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The goal of this project is to develop single photon source and detector measurement and calibration capabilities to support the emerging quantum industry and explore the lowest, quantum limits of photonic radiometry.



A portable system for calibrating the detection efficiency of superconducting nanowire single photon detectors.

Credit: Thomas Gerrits/NIST

For quantum applications, it is important to generate quantum states of light and detect them with extremely high efficiency. This project explores the metrology challenges associated with precision measurement of single photon sources and detectors. The classical photonic radiometry techniques used at NIST can determine absolute detector and source efficiencies to power levels as low as hundreds of picowatts (10 -10 Watts). However, the single photon detectors used in quantum industries typically are used at femtowatt (10 -15 Watt) power levels, and the light sources being measured can be in either classical or quantum photonic states. Detector calibrations for superconducting and single photon avalanche detectors have been demonstrated, and are being developed into commercially available services. Future research directions for this project include integration of true single photon sources, photon number resolving detectors, and waveguide integrated detectors and sources.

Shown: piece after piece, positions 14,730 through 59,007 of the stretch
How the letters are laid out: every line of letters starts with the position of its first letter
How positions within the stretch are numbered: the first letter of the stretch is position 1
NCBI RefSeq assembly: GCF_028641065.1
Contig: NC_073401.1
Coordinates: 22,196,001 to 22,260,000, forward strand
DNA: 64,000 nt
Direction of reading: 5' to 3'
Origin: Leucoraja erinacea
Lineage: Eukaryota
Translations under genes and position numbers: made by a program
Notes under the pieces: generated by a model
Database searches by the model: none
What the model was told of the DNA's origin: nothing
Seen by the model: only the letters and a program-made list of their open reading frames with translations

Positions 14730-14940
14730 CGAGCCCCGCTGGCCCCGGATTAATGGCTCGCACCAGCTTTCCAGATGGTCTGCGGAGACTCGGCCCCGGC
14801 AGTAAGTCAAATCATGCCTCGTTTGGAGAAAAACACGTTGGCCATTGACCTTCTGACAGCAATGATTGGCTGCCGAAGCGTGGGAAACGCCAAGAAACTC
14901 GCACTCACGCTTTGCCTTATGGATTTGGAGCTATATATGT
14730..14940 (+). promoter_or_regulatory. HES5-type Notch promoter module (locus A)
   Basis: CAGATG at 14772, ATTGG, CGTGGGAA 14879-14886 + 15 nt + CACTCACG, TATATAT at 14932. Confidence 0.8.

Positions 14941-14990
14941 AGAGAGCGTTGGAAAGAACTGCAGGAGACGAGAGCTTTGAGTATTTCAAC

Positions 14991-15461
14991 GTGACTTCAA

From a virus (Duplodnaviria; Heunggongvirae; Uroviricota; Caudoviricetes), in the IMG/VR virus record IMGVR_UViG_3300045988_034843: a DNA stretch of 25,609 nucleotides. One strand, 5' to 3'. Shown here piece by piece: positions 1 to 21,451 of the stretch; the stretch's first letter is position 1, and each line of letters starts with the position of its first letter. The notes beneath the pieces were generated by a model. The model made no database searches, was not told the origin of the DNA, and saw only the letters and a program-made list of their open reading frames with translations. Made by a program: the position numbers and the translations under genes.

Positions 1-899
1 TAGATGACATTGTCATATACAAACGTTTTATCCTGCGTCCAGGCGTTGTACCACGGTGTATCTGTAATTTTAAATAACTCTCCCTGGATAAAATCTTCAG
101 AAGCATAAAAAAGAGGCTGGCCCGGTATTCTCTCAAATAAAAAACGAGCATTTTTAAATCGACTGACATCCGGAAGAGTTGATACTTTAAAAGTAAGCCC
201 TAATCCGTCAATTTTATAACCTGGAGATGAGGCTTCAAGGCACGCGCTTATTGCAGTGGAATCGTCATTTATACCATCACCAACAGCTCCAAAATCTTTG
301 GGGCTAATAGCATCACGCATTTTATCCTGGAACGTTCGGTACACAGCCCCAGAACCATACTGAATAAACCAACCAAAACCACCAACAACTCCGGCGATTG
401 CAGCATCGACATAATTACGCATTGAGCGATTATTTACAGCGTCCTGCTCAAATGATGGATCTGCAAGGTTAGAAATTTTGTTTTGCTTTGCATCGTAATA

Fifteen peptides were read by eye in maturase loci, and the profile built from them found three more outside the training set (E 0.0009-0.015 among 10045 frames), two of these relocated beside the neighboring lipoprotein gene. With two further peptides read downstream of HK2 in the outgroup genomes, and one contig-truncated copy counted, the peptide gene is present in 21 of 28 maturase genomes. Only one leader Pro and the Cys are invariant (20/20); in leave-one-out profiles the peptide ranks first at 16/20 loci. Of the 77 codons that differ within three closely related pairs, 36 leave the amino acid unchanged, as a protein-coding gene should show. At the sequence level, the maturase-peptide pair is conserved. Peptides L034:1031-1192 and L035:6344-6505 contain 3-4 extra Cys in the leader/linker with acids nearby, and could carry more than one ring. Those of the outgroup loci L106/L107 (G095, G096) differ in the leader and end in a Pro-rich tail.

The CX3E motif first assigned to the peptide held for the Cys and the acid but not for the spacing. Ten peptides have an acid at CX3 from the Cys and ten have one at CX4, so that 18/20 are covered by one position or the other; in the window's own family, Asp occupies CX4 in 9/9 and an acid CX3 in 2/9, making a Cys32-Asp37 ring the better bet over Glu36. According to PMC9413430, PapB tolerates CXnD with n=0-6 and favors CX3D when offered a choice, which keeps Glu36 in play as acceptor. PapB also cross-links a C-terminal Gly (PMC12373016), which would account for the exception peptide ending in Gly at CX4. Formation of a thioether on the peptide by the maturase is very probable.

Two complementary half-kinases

Project Publications

Created December 16, 2022, Updated January 4, 2023